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Book review – Tai Pan by James Clavell

Updated on February 19, 2011

Tai Pan is the second book chronologically speaking from Clavell series. As in Shogun, the book plot is also based on a fight between two epic figures of that time located in Hong Kong, rulers of the most important commercial empires from that area, Dirk Struan and Tyler Brock.

Another resemblance between Shogun and Tai Pan is that both books are picturing around the plot the main characteristics and peculiarities of different cultures in that period. The action in Tai Pan begins around middle of nineteenth century, after the first Opium War. This is a time when business flourished and all the merchants tried to increase commerce with China. The most important business belonged to Tyler Brock and Dirk Struan. The link between those two is strong, based on pure hate. They hate each other with a passion derived from their former statute. Dirk Struan was a former employee of Brock who developed his own commercial empire after being mistreated by the latest. He is visionary, is the first to understand political importance of Hong Kong, a small undeveloped island, for the British Empire as a foothold in the region and acts in all possible ways to achieve that. He also acts without social constraints, involving romantically with a Chinese girl and bringing this bond in the open, a thing unthinkable for the time. He swore revenge against his former employer and acts in all possible ways in order to bankrupt his rival. Brock on the other hand is the prototype of merchant in that period. Strong, brutal, acting with no restrain on legal or illegal ways in order to gain more power for the company and himself. He also hates his former employee for his achievements, for the fact that he is no longer the most important key figure in the area.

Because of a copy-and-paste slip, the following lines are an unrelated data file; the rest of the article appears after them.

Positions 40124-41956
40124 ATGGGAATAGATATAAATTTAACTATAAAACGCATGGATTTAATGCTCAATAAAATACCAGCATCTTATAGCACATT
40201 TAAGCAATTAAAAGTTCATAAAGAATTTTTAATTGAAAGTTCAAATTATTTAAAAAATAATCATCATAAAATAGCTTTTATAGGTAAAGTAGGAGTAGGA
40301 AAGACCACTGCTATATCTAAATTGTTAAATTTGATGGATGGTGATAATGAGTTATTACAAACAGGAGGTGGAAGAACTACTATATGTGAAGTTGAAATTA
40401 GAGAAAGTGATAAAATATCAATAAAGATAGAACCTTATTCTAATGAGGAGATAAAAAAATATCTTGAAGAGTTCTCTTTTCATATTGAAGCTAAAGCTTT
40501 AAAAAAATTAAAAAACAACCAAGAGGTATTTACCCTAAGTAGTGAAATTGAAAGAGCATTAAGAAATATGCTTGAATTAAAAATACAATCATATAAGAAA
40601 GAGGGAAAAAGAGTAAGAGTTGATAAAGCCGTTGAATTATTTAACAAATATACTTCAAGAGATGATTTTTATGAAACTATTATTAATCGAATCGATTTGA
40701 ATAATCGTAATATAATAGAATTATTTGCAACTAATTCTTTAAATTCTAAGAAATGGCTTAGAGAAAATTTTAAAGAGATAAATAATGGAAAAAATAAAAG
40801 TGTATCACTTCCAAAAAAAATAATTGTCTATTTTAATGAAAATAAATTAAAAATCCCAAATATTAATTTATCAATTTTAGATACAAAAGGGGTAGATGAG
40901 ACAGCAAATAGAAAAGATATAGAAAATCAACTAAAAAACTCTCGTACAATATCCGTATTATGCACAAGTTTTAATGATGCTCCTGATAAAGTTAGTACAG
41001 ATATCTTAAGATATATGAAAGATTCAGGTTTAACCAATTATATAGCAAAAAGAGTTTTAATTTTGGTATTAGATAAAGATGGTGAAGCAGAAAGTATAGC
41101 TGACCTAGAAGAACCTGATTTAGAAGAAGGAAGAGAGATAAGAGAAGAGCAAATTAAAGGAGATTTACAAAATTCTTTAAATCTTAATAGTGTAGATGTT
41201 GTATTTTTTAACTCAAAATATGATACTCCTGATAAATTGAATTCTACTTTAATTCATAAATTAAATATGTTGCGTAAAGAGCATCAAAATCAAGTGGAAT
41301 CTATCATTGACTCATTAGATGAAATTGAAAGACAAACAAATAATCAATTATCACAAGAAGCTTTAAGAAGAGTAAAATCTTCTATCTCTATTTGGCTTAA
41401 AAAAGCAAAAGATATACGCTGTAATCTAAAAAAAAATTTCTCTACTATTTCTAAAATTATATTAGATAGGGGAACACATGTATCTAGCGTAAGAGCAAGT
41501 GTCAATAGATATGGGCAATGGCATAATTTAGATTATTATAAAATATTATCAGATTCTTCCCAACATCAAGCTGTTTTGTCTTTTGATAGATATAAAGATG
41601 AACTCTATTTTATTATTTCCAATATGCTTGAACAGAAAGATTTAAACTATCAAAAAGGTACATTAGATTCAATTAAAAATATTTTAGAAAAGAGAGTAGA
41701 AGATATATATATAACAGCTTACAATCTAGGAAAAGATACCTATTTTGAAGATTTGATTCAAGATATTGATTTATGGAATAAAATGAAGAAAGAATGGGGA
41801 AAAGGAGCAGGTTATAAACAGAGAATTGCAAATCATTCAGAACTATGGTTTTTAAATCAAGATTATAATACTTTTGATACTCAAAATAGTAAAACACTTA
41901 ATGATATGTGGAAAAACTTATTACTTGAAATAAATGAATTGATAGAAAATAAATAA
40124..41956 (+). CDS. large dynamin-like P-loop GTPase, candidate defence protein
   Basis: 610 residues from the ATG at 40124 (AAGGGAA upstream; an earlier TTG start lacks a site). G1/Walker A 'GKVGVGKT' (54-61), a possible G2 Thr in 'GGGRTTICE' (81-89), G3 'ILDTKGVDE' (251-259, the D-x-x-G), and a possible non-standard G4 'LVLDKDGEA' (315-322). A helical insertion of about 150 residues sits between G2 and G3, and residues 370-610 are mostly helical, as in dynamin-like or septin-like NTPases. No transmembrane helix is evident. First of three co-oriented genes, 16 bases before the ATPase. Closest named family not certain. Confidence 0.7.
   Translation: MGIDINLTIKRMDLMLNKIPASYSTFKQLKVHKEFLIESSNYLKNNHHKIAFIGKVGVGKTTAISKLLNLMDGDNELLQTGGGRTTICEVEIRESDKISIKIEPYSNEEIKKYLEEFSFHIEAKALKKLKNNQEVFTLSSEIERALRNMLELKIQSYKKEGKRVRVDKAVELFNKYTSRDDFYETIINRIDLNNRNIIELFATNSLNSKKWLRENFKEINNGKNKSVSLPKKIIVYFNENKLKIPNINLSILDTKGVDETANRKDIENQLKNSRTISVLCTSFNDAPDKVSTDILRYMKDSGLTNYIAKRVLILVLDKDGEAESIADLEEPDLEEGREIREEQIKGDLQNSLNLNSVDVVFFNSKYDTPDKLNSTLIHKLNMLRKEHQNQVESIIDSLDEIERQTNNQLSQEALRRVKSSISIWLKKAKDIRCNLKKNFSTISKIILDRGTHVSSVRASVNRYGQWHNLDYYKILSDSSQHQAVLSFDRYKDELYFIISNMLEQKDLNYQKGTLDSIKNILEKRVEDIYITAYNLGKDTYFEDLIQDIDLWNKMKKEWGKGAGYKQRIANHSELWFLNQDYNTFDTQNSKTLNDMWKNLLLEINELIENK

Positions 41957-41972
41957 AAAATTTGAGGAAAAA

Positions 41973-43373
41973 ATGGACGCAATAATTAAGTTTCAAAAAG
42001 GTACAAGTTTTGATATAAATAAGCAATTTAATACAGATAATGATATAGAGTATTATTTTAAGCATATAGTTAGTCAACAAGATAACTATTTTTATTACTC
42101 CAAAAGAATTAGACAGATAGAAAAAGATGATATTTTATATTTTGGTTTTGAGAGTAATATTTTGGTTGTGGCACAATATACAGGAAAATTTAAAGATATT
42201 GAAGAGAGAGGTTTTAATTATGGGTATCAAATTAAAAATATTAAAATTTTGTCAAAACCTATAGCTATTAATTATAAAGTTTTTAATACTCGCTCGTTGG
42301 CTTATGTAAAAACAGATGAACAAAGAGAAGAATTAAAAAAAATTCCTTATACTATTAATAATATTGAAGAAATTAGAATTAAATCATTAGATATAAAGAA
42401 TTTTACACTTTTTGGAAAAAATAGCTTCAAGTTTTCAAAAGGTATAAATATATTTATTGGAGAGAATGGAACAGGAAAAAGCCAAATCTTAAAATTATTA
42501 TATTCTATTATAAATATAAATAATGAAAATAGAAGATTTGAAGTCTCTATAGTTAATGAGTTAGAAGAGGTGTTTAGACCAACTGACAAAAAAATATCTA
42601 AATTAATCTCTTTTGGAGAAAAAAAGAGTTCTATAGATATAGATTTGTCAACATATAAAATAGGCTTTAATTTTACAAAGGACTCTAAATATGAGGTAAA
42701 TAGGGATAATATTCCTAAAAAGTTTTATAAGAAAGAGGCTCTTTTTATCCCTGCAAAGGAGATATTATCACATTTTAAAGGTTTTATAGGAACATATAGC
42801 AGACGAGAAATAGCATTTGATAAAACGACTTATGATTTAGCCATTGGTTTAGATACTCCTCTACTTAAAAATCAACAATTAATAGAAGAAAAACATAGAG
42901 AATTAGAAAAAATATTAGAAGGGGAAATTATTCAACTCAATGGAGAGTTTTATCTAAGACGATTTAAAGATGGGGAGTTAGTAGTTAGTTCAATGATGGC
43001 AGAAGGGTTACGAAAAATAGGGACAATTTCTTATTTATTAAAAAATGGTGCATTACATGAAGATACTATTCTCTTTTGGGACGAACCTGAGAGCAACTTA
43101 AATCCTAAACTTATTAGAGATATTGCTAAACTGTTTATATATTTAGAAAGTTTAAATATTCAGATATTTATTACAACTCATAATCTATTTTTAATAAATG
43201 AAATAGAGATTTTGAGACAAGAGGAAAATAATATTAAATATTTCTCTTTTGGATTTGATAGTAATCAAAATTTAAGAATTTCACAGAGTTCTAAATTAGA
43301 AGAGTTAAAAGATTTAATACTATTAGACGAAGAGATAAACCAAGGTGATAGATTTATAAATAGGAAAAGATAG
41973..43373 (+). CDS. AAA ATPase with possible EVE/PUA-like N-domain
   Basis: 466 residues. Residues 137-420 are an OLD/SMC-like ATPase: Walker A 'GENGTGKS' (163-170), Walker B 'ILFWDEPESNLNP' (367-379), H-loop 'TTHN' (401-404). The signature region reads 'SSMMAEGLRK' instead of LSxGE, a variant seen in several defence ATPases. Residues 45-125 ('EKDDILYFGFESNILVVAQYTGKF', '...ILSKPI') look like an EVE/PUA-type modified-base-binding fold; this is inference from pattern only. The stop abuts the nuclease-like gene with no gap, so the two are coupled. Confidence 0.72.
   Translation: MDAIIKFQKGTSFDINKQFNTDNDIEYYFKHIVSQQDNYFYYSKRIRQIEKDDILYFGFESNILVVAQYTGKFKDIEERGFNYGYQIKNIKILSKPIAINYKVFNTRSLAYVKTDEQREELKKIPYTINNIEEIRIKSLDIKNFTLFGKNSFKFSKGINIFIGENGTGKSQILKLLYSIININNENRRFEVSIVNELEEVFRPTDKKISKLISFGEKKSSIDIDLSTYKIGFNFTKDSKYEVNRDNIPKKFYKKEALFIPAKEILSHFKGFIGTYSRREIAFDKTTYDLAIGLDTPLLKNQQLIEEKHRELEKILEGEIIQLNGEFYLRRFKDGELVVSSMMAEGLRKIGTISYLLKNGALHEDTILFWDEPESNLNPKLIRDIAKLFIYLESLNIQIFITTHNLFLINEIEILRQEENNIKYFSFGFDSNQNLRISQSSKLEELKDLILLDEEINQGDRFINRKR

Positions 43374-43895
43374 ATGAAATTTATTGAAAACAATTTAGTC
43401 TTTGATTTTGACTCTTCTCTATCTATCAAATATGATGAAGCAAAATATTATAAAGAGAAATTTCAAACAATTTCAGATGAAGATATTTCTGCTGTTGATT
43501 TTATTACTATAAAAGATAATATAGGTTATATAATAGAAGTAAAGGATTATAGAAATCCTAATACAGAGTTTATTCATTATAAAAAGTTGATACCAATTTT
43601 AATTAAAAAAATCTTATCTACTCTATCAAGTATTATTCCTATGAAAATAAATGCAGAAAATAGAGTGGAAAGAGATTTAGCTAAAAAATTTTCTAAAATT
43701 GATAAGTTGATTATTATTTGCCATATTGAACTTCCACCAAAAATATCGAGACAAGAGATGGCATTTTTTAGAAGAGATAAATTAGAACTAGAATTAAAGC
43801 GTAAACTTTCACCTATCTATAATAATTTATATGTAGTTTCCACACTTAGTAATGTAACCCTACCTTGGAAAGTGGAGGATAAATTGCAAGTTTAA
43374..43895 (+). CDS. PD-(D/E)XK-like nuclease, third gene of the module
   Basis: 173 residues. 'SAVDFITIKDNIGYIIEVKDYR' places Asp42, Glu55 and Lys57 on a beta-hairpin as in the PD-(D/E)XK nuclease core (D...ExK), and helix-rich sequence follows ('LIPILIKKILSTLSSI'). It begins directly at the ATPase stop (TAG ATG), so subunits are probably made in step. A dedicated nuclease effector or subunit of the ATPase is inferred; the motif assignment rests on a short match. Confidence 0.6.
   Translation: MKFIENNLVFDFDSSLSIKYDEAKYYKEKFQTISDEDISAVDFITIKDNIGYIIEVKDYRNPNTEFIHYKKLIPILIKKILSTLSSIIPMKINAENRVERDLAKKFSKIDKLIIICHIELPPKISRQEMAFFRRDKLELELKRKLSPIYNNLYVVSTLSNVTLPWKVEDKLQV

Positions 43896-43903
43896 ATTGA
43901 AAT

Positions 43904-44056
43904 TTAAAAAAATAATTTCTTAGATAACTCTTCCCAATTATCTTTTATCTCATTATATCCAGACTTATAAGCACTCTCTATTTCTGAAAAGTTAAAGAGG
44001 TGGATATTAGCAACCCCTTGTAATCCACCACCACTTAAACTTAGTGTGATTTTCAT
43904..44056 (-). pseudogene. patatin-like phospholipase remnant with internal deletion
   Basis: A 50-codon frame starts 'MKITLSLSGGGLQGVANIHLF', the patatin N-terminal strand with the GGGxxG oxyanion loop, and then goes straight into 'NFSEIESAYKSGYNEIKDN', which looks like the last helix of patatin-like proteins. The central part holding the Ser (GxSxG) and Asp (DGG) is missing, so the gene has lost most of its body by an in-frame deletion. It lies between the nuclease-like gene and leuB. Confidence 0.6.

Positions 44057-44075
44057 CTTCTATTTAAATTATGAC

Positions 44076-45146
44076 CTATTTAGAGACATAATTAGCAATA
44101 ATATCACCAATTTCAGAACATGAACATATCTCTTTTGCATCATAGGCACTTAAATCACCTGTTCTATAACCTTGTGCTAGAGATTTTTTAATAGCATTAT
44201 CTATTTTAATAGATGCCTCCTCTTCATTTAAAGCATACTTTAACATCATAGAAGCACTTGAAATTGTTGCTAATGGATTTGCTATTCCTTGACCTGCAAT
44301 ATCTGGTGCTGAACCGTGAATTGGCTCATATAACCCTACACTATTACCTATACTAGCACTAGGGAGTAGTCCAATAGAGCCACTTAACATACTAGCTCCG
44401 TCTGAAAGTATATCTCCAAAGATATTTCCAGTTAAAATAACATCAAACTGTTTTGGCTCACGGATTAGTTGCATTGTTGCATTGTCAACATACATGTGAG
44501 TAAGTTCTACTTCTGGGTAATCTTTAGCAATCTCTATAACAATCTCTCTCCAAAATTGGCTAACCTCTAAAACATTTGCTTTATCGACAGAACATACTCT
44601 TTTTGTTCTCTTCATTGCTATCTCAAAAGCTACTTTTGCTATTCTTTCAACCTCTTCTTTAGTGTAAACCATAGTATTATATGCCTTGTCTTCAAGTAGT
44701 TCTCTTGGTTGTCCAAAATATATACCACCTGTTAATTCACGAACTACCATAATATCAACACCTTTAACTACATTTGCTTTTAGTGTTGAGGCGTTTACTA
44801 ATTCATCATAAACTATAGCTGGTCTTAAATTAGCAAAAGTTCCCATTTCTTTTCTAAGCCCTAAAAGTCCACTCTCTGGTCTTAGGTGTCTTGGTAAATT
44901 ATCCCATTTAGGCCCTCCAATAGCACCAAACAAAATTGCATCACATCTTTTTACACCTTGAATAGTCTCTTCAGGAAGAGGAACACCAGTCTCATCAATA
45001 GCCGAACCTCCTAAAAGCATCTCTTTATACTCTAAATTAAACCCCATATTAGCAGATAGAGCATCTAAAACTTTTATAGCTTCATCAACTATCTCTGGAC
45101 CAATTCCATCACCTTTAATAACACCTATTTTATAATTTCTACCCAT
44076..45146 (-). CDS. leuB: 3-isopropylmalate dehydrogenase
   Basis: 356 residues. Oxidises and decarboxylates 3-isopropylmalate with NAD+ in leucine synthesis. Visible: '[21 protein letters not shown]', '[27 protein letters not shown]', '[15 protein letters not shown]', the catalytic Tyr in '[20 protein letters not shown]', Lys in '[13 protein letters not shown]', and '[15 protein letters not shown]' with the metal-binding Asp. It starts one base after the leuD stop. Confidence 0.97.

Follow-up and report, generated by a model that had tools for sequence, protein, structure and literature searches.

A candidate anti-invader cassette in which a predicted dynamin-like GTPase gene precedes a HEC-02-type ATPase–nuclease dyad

The beauty of the book reside though not in the action itself but in the extraordinary portrait of the two civilizations that have interacted, the Chinese who at the surface were uncivilized and poorly prepared to interact economically speaking with merchants from Europe and America but on a closer view they prove to be extremely capable but hard to understand because of their cultural habits and the Western society represented by English and American merchants, very tough people, the founders of the purest form of capitalism, unstrained by a set of thick laws, only driven by their desire to accumulate riches and social status.

All in all this is one of the masterpieces of universal literature, a book that you will find hard to let go once you start reading it.


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